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A Faithful Account of the RaceAfrican American Historical Writing in Nineteenth-Century America$
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Stephen G. Hall

Print publication date: 2009

Print ISBN-13: 9780807833056

Published to North Carolina Scholarship Online: July 2014

DOI: 10.5149/9780807899199_hall

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To Present a Just View of Our Origin

To Present a Just View of Our Origin

Creating An African American Historical Discourse, 1837–1850

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(p.49) Chapter 2 To Present a Just View of Our Origin
Source:
A Faithful Account of the Race
Author(s):

Stephen G. Hall

Publisher:
University of North Carolina Press
DOI:10.5149/9780807899199_hall.6

This chapter explores more fully, and within the context of a period of rapidly changing ideas about black humanity, how African American intellectuals utilized history to challenge the consolidation of what John Ernest has characterized as “a white nationalist historiography,” a racially exclusive historical discourse predicated on white supremacy and dominance in an emerging American providential narrative. The consolidation of this historical narrative attempted to relegate African Americans to the margins of human history and raised serious concerns for black writers who interrogated the Western canon to reframe developing ideas about the rise of the West, black identity, and their role in the burgeoning republic in the period 1837 to 1850. Although slavery was ever-present, the active antislavery movement that facilitated the end of the slave trade in 1808 had crystallized, and the British abolition of slavery in their possessions in 1833 also encouraged historical reflection.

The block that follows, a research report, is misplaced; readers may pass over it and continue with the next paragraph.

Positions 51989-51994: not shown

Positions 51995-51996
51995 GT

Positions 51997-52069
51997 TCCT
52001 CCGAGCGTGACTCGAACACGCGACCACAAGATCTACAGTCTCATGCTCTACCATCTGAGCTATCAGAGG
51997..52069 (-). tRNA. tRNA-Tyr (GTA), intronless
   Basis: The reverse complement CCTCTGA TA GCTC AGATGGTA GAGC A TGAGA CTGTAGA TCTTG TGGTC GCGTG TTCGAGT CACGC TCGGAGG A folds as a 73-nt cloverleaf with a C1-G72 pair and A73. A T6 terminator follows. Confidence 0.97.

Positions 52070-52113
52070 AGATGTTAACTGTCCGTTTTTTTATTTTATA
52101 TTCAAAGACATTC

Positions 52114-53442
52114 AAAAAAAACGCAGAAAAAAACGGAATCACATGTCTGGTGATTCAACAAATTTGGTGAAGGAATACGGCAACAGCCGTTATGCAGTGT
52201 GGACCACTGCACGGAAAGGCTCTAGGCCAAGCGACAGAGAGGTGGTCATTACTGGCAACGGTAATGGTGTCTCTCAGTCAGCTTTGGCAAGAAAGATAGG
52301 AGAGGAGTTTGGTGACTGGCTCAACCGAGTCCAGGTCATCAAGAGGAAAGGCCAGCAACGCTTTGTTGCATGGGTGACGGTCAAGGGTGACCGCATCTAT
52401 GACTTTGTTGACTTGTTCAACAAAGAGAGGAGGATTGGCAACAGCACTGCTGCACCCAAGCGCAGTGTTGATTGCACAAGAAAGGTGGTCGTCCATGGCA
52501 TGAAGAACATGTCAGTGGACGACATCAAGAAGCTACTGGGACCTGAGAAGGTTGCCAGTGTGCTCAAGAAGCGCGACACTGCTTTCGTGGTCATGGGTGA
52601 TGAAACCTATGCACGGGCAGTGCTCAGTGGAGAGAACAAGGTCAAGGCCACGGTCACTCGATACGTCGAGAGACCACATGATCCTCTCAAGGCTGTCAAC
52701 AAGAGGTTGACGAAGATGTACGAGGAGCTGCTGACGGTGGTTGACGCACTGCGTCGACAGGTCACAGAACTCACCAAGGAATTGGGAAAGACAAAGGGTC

Keywords:   black humanity, African American intellectuals, John Ernest, white nationalist historiography, white supremacy

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